Educational Requirements

The only educational requirement for the job is that the individual have a high school diploma or equivalent. See our listing of the top ekg technician schools & training programs


Some states require certification of EKG technicians, although for most states there is no certification required for EKG technicians. Obtaining certification, however, generally enhances an individual’s standing in the professional community and may increase likelihood of employment opportunities or advancement. There are several agencies that offer certification in EKG technician skills. These include the American Board of Cardiovascular Perfusion, the American Certification Agency for Healthcare Professionals and the American Society of Phlebotomy. Obtaining certification through any of these organizations typically requires on-the-job training and passing an examination.


Some states may require an EKG technician to hold a license. It is advisable to check with the individual state’s medical board to find information on the state requirements before embarking on a career path.

EKG Technician Job Description

EKG technicians are medically trained technicians who obtain EKGs by using an electrocardiograph. An EKG machine traces the electrical impulses transmitted throughout the body by the heart. An EKG technician must properly attach electrodes to certain areas on the patient’s body, in particular the arms, legs and chest; they may also set up Holter monitors and handle stress tests. The EKG results are of particular use to physicians who are attempting to diagnose a heart or vascular problem. EKG technicians must be detail oriented. They must have good people skills, as they must be able to communicate with patients on a daily basis. They must be in good physical condition, as this job requires a lot of time on one’s feet. An EKG technician must be comfortable with handling persons who are possibly suffering a cardiac event, so the ability to calm a worried patient is a great asset for an EKG technician.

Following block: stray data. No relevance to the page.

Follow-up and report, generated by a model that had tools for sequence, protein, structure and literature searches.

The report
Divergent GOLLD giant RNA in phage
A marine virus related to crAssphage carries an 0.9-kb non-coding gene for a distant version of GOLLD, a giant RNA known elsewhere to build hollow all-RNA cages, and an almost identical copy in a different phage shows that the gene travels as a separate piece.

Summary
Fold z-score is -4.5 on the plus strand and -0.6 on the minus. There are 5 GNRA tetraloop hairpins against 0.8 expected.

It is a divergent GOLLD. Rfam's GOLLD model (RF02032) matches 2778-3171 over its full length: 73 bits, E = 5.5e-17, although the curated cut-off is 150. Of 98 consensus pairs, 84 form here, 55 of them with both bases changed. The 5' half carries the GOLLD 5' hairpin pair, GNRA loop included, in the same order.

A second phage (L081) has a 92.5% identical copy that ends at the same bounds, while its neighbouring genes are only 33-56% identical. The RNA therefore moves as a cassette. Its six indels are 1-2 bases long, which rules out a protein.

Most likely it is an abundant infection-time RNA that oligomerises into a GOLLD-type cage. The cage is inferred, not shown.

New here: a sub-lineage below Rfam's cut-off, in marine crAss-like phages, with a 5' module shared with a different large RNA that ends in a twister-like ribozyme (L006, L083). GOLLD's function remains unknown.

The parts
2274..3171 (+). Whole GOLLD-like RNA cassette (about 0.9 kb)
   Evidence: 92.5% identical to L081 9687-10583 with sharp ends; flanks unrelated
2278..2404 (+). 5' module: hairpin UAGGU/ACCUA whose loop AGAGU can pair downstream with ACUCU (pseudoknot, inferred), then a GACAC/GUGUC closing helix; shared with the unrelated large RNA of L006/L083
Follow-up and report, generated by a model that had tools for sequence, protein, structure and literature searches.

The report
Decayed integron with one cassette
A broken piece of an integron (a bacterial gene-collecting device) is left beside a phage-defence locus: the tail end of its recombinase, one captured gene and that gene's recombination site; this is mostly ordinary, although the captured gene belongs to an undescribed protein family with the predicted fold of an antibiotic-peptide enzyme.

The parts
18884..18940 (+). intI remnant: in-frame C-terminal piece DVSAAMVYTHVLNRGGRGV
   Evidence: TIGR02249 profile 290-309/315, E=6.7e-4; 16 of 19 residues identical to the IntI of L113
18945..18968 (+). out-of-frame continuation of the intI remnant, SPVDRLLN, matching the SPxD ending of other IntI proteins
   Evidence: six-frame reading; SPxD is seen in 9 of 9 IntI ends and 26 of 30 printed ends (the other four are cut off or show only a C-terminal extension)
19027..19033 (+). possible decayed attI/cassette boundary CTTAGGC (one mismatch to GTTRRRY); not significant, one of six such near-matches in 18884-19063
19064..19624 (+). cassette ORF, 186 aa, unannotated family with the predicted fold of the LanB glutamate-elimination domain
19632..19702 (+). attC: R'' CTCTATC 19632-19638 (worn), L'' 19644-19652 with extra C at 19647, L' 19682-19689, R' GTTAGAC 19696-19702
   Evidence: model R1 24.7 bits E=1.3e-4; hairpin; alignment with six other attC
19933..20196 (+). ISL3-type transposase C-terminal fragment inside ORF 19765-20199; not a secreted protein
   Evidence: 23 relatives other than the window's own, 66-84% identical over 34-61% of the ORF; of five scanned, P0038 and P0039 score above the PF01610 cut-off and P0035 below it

• Take comprehensive medical history and help prepare patient for procedure.
  • Prepare and maintain medical equipment.
  • Attach electrodes to patient in order to obtain EKG.
  • Perform other noninvasive procedures.
  • Check image results to make sure the equipment is functioning properly.
  • Discuss the results with the physician.
  • Assist the physician as needed.
  • Record medical findings.

Alternative Job Titles

EKG technicians are sometimes known as cardiographic technicians.

Job Outlook

The job outlook for EKG technicians is very good, with an expected rate of growth of all Medical Sonographers and Cardiovascular Technicians at 30% between 2012 and 2022. The reasons for this expected growth include an expectation that the use of noninvasive procedures such as EKGs will increase in the future as technology improves. There is also an expectation of a growth in the population of elderly patients, many of which may suffer from heart or vascular problems necessitating the use of EKG technology to monitor and detect issues. Although many EKGs are performed in a hospital setting, more and more physicians’ offices will run EKG machines in their office. This may lead to a rise in the number of EKG technicians employed in the future.